I can’t remember how writing an annual reflection became a tradition, but after writing them for the last two years, it is now a habit. Every time I look back on all that the last year brought into my life, it is surreal. Many things that happened, I could never have expected one or two years ago. And perhaps now, I see that life is defined by the unexpected moments: the things that surprise us, warm our hearts, sadden us, and remind us of our humanity. Thus, I present my year in review of 2017.
Home is a suitcase
I began the third year of my degree and moved for the fifth time in two years when I made it back to Rochester in August. This time, I found somewhere to ideally live longer than only a few months of the year. I moved into a house with a few other roommates with more space than I’ve had before. For the first time in a while, it’s somewhere I’ve made to feel like home.
This move came months after I ended a semester of a study abroad program and lived in a city for an internship. Most of 2017 made my suitcase feel like a home, but it afforded many unique experiences.
Croatia: Study abroad
From January to May 2017, I participated in a study abroad program with my university to Dubrovnik, Croatia. RIT has full campuses in both Zagreb and Dubrovnik. This made planning the semester abroad easy, but also encouraged me to go somewhere I might not have gone otherwise.
My choice to study in Croatia was well-rewarded. On paper, I earned 12 credit hours, but I took away more than what I learned in class. My most important lessons came in the form of midnight bus rides to Albania, photograph exhibits capturing genocide in Sarajevo, and hugs from normally faraway friends in Czechia. My time abroad began a process in finding myself that has continued since my time in Europe.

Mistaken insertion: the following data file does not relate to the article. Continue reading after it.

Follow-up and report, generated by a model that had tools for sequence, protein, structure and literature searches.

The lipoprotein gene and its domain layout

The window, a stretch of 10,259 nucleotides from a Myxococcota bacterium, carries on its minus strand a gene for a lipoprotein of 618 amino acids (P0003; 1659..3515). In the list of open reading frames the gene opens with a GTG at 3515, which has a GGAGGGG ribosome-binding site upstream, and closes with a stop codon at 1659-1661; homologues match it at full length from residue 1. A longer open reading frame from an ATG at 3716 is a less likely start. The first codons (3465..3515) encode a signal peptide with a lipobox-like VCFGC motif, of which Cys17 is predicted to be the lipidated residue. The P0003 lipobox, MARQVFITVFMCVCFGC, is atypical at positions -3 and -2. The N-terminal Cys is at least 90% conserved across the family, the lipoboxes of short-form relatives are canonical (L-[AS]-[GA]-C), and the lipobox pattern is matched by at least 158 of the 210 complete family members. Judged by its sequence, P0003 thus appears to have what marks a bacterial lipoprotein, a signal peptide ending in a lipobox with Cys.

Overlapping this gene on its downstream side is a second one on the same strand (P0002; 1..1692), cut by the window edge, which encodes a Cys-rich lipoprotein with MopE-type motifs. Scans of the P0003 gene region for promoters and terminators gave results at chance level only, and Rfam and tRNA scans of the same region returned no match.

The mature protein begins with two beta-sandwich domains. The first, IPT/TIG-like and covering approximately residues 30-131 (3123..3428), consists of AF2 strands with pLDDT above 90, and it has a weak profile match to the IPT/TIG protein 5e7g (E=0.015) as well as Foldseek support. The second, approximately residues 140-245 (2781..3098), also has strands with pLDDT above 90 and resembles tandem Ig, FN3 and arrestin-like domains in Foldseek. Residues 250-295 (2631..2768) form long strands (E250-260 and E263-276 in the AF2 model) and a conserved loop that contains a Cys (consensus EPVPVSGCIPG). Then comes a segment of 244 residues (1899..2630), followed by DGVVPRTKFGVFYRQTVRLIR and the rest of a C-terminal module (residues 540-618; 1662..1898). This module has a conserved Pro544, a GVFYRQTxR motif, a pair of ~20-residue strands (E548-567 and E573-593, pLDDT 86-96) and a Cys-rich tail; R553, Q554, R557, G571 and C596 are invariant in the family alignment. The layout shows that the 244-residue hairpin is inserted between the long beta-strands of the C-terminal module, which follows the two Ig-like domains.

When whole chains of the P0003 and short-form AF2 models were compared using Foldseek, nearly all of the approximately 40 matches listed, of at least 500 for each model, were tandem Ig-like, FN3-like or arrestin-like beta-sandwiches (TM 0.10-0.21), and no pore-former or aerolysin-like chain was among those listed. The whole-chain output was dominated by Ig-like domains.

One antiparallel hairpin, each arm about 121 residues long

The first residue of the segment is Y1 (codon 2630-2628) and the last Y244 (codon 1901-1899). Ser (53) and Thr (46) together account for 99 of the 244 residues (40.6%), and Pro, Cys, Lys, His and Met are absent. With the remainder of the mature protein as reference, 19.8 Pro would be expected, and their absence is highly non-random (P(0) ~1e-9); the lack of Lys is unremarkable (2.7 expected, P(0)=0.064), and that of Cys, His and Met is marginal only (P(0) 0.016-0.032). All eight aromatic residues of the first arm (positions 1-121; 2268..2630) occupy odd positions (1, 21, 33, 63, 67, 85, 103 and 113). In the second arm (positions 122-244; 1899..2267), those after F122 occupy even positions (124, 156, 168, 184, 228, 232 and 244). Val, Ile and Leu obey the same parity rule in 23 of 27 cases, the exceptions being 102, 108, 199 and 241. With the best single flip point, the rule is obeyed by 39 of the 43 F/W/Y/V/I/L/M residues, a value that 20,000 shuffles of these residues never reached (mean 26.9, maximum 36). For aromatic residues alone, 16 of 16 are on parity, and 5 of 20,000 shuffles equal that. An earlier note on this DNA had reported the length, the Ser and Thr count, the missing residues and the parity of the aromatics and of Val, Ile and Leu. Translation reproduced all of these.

DevConf 2017 / Fedora Diversity FAD
At the beginning of the year, the Fedora Diversity Team held a “Fedora Activity Day” (FAD) event in Brno, Czechia. If you’re outside of the Fedora community, think of a FAD as a focused, in-person team sprint. Together with our team in-person and remote, we mapped out our goals and plans for 2017 and set out to continue the work we began nearly three years ago.
In addition to the work we accomplished together, it was fulfilling for me to see my teammates that span three continents. I spent a week with not only my teammates but also my friends. The days we get to spend together are a privileged few in the year, and it was fulfilling and motivating for me to spend some of our time together in a way that wasn’t Pagure tickets or IRC meetings.
Read more about our team sprint in this event report:
In February, I attended the Free and Open Source Software Developers European Meeting (FOSDEM) for the first time. FOSDEM is the largest open source conference in Europe, bringing together over 8,000 open source enthusiasts, contributors, and leaders from around the globe.
I had the privilege to attend as a member of the Fedora community, so my time was between the Fedora booth to meet the community and catching interesting talks. I also gave a talk of my own on the main track, What open source and J.K. Rowling have in common! I gave this talk to a smaller audience at DevConf, but the FOSDEM audience was considerably larger.
In retrospect, my original talk topic is relevant but I have ideas on how I could have delivered my message more effectively. Regardless, it was a learning experience for me to present in front of a new audience. Public speaking opportunities filled my youth, both in theater and in presentations, but I had never presented to a technical audience before (let alone on a non-technical topic). The experience at FOSDEM helped build my understanding and I hope to return with a new topic someday in the future.
Exploring the Balkans
Outside of open source and Fedora, my time in Croatia included a lot of time outside of Croatia. When many of my roommates went to explore the wonders of Western Europe, I lost my heart in the shadows of the Balkan mountains. My spring break was a solo trip split between Sarajevo, Bosnia and Hercegovina and Tirana, Albania.
The three days I spent in Sarajevo were short but significant. I was truly alone on this visit and it was up to me to make the most of it. Originally, I was skeptical to go alone, but I knew that I would never have a better opportunity to go. My fascination with Sarajevo stemmed from a year of studying European history in high school, and knowing the cultural significance of Sarajevo as a meeting point of western and eastern cultures. In the end, I decided to go, and I was rewarded for it.